The two tall, gangly teenage boys were walking a dog at a park. Harmless enough, to be sure, but I couldn’t stop staring on account of their underwear. The first boy had a slight discrepancy between his actual waist and where the waist of his low-riding jeans happened to fall, resulting in about two inches of his black boxers showing. I had seen this before. I had never understood it, but I had seen it. The second boy’s discrepancy was so pronounced, so blatant, so wrong, that I literally gasped. Holy Boxers! His gap was at least eight inches, and the belt holding up those jeans actually rested below his – um - buttocks. His boxers were gray. I couldn’t imagine where that belt rested in front – or maybe I could – which is why, when I passed the boys in my car, I resisted the urge to turn my head to see how accurate my instincts were.
I had a few reactions.
First: Does the kid have a screw loose? Is he drunk? Does he think it’s cool? Has this attire proved effective at attracting girls?
Second: If any of my children ever walk down the street exposing their entire underwear-clad backside, I will never, ever, let them leave the house again.
Third: It is almost a guarantee that one or more of my children will do something equally (or more) shocking in their lifetimes. In all likelihood, I will remain blissfully unaware of said behavior - at least while it’s occurring.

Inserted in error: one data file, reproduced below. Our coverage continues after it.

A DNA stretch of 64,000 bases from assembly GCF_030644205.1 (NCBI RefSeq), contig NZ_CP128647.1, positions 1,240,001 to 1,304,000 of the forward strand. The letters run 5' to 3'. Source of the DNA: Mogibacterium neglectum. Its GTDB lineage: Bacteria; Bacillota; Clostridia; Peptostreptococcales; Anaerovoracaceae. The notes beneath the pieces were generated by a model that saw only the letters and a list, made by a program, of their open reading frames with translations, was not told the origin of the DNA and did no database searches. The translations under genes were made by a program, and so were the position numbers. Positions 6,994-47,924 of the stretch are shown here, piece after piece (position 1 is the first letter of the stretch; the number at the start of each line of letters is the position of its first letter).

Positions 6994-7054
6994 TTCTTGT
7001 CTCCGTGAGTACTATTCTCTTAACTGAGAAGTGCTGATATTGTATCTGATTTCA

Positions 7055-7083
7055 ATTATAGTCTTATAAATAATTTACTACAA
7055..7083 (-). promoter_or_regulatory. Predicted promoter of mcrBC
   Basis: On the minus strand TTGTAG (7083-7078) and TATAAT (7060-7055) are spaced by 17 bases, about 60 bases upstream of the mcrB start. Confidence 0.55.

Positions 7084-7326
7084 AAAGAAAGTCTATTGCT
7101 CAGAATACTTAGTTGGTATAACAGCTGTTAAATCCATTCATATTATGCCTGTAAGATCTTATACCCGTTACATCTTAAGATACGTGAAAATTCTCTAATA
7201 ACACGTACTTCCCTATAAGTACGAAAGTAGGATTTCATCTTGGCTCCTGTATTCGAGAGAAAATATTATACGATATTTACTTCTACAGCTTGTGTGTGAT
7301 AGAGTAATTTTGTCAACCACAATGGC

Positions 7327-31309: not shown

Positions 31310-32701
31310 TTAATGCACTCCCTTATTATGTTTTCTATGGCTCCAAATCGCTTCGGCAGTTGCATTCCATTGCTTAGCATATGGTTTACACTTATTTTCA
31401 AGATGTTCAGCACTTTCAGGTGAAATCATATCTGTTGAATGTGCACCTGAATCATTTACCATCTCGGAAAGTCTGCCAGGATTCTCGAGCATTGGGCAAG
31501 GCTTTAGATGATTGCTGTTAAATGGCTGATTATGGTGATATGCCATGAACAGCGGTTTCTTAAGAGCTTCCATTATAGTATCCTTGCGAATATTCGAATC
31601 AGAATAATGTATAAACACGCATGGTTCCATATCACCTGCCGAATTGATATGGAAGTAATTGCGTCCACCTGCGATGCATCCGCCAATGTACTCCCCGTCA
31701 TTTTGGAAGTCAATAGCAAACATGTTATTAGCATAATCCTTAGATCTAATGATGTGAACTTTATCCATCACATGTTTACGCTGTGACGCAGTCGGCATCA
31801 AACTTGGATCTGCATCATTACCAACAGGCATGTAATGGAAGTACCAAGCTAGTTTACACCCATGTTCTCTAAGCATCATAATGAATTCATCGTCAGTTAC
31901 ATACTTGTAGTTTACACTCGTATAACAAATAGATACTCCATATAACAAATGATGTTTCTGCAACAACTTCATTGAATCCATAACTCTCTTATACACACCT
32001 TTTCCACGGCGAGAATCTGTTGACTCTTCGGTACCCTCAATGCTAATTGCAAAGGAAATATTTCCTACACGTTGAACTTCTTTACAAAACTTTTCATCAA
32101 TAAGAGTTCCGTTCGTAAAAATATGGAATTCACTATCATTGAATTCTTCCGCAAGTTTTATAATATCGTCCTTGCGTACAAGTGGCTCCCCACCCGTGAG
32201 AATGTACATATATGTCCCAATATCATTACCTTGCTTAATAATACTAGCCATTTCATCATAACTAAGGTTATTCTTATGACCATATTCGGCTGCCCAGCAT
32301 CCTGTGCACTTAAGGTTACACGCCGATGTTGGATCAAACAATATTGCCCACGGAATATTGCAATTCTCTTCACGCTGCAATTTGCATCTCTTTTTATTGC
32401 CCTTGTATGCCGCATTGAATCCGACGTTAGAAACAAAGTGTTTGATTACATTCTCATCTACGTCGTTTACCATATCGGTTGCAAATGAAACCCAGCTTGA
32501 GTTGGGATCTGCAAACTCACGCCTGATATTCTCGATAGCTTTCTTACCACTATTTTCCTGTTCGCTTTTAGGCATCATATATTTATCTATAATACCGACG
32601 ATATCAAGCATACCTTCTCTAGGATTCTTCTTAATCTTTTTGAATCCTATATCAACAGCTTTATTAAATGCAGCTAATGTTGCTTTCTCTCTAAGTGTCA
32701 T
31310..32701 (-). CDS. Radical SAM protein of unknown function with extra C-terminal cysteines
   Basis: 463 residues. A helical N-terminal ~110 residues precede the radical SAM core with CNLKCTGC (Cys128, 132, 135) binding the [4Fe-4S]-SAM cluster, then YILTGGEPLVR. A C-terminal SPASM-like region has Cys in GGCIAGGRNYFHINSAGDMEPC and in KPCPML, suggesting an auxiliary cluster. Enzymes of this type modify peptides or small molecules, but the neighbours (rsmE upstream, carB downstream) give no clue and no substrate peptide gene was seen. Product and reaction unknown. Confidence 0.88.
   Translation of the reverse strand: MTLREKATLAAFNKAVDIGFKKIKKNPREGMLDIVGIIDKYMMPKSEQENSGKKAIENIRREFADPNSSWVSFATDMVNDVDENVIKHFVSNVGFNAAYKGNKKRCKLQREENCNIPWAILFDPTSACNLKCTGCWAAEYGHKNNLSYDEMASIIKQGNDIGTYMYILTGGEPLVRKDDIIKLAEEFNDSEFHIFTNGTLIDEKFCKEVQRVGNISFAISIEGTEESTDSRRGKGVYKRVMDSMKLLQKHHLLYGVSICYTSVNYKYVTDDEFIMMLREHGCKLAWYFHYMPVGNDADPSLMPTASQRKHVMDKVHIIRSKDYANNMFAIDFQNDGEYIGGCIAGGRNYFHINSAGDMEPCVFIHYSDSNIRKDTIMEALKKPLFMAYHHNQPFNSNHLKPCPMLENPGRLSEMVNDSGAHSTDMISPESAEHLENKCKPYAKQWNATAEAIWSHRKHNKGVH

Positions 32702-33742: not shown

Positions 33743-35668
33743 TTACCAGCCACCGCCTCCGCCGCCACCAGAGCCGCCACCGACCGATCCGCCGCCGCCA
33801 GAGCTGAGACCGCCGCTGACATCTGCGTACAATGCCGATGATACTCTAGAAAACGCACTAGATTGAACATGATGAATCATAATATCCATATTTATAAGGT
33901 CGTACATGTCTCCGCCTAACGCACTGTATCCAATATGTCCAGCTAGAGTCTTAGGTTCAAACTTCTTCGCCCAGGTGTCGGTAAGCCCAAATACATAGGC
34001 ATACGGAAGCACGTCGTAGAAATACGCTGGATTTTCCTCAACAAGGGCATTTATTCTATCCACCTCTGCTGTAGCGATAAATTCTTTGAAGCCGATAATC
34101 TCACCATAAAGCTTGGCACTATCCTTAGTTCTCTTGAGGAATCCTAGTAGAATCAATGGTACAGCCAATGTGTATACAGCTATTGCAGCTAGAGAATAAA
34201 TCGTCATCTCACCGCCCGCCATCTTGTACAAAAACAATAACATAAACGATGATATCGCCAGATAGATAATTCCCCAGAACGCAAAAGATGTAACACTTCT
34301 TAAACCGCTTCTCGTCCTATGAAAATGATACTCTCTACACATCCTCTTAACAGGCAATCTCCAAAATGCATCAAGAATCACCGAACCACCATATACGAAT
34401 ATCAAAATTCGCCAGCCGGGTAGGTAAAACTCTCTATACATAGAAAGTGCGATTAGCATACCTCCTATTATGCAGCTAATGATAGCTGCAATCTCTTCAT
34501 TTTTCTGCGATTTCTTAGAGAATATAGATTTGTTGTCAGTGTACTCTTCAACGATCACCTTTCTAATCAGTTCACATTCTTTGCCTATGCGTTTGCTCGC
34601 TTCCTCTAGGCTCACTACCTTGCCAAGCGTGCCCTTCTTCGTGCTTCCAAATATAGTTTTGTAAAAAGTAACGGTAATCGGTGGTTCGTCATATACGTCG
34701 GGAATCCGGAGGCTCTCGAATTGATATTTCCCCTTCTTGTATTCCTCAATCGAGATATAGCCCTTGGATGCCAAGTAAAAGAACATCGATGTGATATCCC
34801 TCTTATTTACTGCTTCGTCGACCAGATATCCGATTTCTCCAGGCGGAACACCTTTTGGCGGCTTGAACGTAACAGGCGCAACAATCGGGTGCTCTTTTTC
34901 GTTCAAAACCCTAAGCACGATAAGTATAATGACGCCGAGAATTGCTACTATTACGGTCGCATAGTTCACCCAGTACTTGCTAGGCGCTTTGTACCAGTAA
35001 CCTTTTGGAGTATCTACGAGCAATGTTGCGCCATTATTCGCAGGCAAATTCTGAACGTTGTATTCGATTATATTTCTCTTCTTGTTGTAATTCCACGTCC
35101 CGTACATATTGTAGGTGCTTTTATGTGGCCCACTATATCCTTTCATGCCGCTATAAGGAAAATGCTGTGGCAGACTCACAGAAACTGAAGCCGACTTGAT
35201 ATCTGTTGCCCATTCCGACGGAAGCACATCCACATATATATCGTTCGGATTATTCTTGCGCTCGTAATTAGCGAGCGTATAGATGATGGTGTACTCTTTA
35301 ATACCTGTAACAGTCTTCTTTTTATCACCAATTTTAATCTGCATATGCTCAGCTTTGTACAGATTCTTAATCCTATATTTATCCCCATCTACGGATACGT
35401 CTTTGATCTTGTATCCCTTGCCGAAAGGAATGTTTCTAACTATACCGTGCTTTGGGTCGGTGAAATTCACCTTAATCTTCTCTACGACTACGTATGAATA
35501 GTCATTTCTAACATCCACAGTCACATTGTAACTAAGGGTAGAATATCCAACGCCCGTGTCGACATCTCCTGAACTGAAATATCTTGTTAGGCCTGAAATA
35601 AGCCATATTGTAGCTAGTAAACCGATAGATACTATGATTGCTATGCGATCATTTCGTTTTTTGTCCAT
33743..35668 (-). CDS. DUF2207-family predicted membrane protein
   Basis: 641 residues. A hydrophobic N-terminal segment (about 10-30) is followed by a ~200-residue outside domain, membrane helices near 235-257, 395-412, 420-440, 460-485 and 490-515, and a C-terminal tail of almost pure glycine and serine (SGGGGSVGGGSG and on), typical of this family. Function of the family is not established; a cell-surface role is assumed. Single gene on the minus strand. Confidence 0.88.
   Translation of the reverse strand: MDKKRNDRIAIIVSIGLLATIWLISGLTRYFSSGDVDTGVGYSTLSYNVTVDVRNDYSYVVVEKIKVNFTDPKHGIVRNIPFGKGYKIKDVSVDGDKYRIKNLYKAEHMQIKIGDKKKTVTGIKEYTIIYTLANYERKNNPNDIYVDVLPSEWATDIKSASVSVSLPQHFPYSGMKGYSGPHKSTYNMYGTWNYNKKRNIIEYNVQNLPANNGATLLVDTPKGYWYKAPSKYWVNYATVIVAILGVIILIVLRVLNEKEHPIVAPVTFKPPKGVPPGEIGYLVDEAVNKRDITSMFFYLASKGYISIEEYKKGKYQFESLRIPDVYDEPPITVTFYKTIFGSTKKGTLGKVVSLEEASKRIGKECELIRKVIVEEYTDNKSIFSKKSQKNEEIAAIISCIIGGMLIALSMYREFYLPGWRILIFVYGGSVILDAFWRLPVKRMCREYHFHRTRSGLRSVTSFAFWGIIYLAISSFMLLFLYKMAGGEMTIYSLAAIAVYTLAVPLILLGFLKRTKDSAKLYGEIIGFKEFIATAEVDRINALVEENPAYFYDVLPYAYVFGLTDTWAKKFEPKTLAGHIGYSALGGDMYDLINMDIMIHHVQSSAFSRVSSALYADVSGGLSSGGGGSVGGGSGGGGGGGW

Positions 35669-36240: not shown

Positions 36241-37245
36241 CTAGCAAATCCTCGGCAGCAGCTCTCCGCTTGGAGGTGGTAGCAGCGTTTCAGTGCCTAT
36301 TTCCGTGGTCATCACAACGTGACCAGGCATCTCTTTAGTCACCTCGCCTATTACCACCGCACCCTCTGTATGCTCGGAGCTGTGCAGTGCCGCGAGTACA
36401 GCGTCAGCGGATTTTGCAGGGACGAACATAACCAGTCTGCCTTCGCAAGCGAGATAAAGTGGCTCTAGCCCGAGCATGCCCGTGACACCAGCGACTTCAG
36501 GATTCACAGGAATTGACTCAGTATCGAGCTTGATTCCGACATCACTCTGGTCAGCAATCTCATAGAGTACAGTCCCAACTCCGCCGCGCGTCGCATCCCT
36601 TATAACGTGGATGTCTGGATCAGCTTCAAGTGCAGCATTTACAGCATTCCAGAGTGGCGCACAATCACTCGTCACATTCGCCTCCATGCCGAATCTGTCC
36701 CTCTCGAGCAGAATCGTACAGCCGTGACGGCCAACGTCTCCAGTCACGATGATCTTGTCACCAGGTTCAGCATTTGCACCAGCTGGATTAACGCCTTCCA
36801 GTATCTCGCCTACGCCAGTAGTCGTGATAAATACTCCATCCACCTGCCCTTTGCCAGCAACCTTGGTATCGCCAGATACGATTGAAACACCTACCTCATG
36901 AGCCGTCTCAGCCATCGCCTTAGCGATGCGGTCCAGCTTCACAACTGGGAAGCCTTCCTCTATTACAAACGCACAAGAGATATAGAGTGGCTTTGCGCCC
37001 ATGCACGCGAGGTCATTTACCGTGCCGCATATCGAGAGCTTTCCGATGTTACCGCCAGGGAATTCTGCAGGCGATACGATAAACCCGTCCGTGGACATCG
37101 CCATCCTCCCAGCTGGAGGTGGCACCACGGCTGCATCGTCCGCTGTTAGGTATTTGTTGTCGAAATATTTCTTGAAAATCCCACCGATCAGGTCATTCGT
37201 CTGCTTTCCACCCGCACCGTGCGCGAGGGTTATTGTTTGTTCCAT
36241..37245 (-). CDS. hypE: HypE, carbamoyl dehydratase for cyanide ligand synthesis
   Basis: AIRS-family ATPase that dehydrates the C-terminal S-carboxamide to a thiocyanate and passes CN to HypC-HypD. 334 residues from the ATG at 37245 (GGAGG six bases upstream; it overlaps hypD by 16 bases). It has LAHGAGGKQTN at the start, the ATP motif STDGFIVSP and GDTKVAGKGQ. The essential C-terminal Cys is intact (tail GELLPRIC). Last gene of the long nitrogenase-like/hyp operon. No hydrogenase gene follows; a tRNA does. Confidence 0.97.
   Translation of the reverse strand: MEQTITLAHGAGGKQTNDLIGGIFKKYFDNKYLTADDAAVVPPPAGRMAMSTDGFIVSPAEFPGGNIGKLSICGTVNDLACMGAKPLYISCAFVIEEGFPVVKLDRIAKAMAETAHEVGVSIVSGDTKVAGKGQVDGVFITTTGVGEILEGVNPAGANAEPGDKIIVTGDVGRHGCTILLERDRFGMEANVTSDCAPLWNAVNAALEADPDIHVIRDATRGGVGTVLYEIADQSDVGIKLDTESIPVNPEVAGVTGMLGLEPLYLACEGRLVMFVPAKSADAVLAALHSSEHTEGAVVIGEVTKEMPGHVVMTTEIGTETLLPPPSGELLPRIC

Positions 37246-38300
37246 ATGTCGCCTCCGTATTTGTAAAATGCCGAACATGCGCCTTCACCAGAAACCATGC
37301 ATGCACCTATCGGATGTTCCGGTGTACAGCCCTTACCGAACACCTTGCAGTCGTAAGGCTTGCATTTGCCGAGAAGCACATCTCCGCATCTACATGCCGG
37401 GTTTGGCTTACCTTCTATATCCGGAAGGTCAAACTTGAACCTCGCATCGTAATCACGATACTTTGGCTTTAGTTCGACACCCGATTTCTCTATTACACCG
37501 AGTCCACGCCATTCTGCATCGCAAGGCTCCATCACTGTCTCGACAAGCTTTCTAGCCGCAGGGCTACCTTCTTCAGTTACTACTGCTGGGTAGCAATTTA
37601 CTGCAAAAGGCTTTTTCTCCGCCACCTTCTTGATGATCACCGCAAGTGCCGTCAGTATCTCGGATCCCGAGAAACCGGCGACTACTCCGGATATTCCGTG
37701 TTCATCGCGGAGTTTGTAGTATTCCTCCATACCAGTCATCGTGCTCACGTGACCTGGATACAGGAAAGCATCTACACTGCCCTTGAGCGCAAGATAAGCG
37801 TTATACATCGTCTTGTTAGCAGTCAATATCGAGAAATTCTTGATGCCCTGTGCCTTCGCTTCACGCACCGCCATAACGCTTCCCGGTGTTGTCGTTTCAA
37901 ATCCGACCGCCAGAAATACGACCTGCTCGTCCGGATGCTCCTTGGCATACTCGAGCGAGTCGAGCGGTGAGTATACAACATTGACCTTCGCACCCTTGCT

Fourth: This gray-boxer-clad kid has a mom somewhere. In all likelihood, she is blissfully unaware that her son is walking down a busy street flashing his boxer-covered buttocks.
Fifth: How do I want strangers to react when they encounter one of my children doing or saying something outrageous, scandalous, or outright weird?
Sixth: I would want them to give my kids a break and remember that that kid, too, has a mom somewhere, a mom who has done her best to discourage such behavior. And would it be too much to ask that they not think that my kids are crazy or delinquent – that they’re just being teenagers, who can often be found with one screw temporarily loose?
Seventh: This kid is just being a teenager with a loving mom who is doing everything she can to help him tighten his loose screws.
Finally: A bit of fear. A touch of panic. For me and my children. When will it start? Has it already begun, me being blissfully unaware? Will I ever find out? Do I want to find out? Help.
On the way home from picking up my almost-twelve-year-old son, we passed the same boys, this time a few blocks further down the road. I kept one eye on the road and one on my son to see what kind of a reaction, if any, he would have upon seeing the gray boxers (honestly, that’s all you saw when you looked at the boy, and, yes, my instincts were right on target as to where his belt rested in front). My son glanced out the window and then whipped his head around as we passed, watching the kid for as long as he could.
Nonchalantly, I asked, “Is that weird that he’s wearing his jeans like that, or is it just me?”
“It’s definitely weird, Mom.”
I breathed a sigh of relief. I just might have some time. At least when it comes to boxers and buttocks and ultra low-riding jeans.